According to our local paper, canning is making a comeback! Ball is the largest supplier of canning products in the US and they report a 30% increase in sales over the last year. Current sales for 2009 are continuing to rise.

This is my second year of canning and it's a lot of fun. I really enjoy saving all of the organic summer fruits and vegetables. It's a great feeling to see all of the finished jars lined up on my shelves. And the best part is that it's so easy! So far I've canned plums, plum jam, tomato sauce, salsa, pickled zucchini, and pickled cucumbers. The only real concern is to always follow safe and current canning procedures. There are 2 main methods: (1) boiling water canner (big pot with a lid and rack on the bottom), and (2) pressure canner. The simpler boiling water canner is used for food that have a lot of acid (e.g. fruit), while the pressure canner is used for foods with less acid (e.g. salsa).

High Ground Organics is a great local farm that hosted a strawberry U-pick last weekend. The tasty berries were only $1.50 per lb - a great bargain for making jam! So I bought 25 lbs.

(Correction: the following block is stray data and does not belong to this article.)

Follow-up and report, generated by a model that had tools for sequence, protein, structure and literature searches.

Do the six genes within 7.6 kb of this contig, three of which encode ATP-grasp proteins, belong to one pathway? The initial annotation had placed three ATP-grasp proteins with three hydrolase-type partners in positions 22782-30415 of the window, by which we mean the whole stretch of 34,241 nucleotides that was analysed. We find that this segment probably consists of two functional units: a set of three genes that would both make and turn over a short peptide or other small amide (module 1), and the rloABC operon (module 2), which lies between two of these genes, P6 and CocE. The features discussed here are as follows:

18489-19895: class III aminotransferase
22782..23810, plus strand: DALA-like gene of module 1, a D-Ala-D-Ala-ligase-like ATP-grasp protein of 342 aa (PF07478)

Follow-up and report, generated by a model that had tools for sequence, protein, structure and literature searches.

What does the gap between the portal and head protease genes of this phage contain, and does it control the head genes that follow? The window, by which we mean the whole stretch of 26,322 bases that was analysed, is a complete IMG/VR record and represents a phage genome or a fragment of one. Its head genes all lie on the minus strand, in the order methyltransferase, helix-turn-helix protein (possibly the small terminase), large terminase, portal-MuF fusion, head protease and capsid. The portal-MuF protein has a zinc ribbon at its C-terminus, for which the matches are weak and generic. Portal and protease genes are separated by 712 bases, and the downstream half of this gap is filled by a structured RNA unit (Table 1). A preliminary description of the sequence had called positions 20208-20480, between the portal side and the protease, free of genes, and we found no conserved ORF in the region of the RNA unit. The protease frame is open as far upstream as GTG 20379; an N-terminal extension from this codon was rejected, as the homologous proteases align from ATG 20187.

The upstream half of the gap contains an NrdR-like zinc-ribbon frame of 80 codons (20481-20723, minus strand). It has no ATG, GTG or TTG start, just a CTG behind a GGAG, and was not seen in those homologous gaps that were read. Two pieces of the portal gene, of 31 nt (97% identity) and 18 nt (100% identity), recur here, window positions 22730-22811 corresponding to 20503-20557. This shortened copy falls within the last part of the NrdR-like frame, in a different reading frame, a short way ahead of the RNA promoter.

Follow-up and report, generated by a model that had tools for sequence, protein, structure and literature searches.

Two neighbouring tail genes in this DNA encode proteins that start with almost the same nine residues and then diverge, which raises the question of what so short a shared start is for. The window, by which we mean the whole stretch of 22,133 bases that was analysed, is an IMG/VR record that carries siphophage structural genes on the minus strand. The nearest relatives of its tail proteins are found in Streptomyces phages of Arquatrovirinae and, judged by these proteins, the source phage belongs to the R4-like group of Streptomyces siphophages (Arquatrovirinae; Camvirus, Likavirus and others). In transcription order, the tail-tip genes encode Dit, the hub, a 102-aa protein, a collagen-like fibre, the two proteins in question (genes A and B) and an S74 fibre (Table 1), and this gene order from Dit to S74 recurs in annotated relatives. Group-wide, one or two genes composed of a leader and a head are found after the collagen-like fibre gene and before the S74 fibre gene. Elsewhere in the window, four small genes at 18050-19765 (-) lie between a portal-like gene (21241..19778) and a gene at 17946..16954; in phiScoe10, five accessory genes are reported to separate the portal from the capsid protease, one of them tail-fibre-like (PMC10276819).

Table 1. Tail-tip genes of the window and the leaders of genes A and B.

Strawberry Jam Recipe
4-6 half-pint jars (8 oz.), lids, and rings
4 lbs stawberries, wash, hulled, and crushed
1 cup apple juice
sugar (optional, sometimes I use none, sometimes 1 cup)
1 packet Ball® No Sugar Needed Fruit Pectin

The fruit pectin is a natural substance found in apples, from what I understand. When you buy the Ball® No Sugar Needed Fruit Pectin, there is a handy insert with complete instructions for making strawberry jam, as well as other fruit jams and jellies. These are the instructions that I follow. In addition, there are other Ball recipes and tutorials on their website.

I always get my jars, lids, and rings at Wal-Mart because they are so much cheaper there. This recipe only requires a boiling water canner, which is basically a big deep pot and a lid. Place a rack in the bottom of the pot, so that the jars won't be directly sitting on the bottom. If you don't have a rack, make a layer of extra rings (screw cap thingies). This will prevent the jars from breaking. The pot needs to be deep enough so that the jars will be covered by at least 1 inch of water when sitting on the rack. No fear! You can make jam!

Monday, July 27, 2009

$50 Worth of Zucchini and A Day of Grace

Exponential zucchini